For the first time, a senior commander has acknowledged that members of Iran’s elite Islamic Revolutionary Guard Force are in Syria, Reuters reports. For now, they are providing non-military aid, Tehran says, but if Syria is attacked, Iran will use military measures to defend it.
With the US administration shaken, off balance and frightened by the chaos sweeping the region, and most of the Middle East distracted from the bloodbath in Syria by a 14 minute amateur video filmed by criminals and fly-by-nights in southern California, Iran probably feels much more optimistic about Assad’s prospects in Syria than it has for some time. The Obama administration, frantically scrambling to salvage its policy of cooperation with moderate Islamists and to hold Israel back from an attack on Iran — and badly shaken by the chaos in Libya — does not look like much of a threat.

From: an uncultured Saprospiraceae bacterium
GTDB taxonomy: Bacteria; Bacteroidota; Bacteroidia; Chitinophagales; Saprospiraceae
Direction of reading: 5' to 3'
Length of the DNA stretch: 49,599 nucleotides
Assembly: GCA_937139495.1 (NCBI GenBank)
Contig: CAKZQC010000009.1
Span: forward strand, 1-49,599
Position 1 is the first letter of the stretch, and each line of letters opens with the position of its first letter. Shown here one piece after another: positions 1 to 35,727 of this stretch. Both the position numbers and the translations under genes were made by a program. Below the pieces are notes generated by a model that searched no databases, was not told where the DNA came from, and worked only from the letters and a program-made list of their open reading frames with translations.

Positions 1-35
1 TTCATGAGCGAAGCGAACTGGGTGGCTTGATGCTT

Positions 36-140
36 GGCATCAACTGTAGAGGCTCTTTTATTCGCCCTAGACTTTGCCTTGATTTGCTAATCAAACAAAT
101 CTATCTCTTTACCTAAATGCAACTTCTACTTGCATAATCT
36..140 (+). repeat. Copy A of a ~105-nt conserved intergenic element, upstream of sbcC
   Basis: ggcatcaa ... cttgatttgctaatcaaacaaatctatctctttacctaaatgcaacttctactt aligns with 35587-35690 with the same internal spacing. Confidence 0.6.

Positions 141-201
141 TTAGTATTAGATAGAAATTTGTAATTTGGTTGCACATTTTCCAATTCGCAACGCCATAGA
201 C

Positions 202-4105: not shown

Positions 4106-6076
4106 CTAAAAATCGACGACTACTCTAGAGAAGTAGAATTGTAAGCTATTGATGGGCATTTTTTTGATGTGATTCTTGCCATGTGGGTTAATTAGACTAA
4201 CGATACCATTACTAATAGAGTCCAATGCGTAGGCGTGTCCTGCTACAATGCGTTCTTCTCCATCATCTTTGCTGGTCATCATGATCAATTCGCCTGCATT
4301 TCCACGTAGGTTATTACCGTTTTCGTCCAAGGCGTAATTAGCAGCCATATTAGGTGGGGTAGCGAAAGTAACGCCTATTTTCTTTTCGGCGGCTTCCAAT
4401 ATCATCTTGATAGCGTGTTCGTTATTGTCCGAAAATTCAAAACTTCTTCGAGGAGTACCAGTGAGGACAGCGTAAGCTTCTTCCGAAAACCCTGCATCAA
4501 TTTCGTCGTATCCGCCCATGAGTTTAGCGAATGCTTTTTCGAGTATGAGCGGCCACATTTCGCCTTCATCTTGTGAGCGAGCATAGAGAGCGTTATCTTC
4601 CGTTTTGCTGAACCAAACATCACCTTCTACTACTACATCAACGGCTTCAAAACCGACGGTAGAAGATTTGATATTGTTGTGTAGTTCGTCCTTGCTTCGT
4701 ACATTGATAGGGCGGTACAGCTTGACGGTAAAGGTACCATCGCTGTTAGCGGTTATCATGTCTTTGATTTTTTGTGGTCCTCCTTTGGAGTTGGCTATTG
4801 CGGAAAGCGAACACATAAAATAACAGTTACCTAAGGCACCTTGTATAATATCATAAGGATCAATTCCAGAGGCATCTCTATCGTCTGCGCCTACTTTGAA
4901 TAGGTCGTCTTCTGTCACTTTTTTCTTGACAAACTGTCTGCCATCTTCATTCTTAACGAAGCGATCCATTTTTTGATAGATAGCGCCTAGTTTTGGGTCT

This is a good time for Iran to double down in Syria: the Sunnis are fuming at America and quarreling among themselves, and America is rattled and retreating. The Libyan fiasco engaged US attention and resources on an irrelevant sideshow and has left us unprepared as we face the main event in the region: the struggle to evict Iran from Syria and Lebanon.
Iran’s effort to solidify its position in Syria and Lebanon, and the need to prevent that from happening are still the heart of the matter in the Middle East today. The Obama administration must not let itself be distracted; the Iranians have not lost their focus and we must not lose ours. Our principal allies and associates in the region — the Turks, the Israelis and the Gulf Arabs — all share a common fear of Iran, whatever problems they have with each other. The Obama administration cannot drop the ball on Iran — and right now, that means Syria — without making all its other regional problems even worse.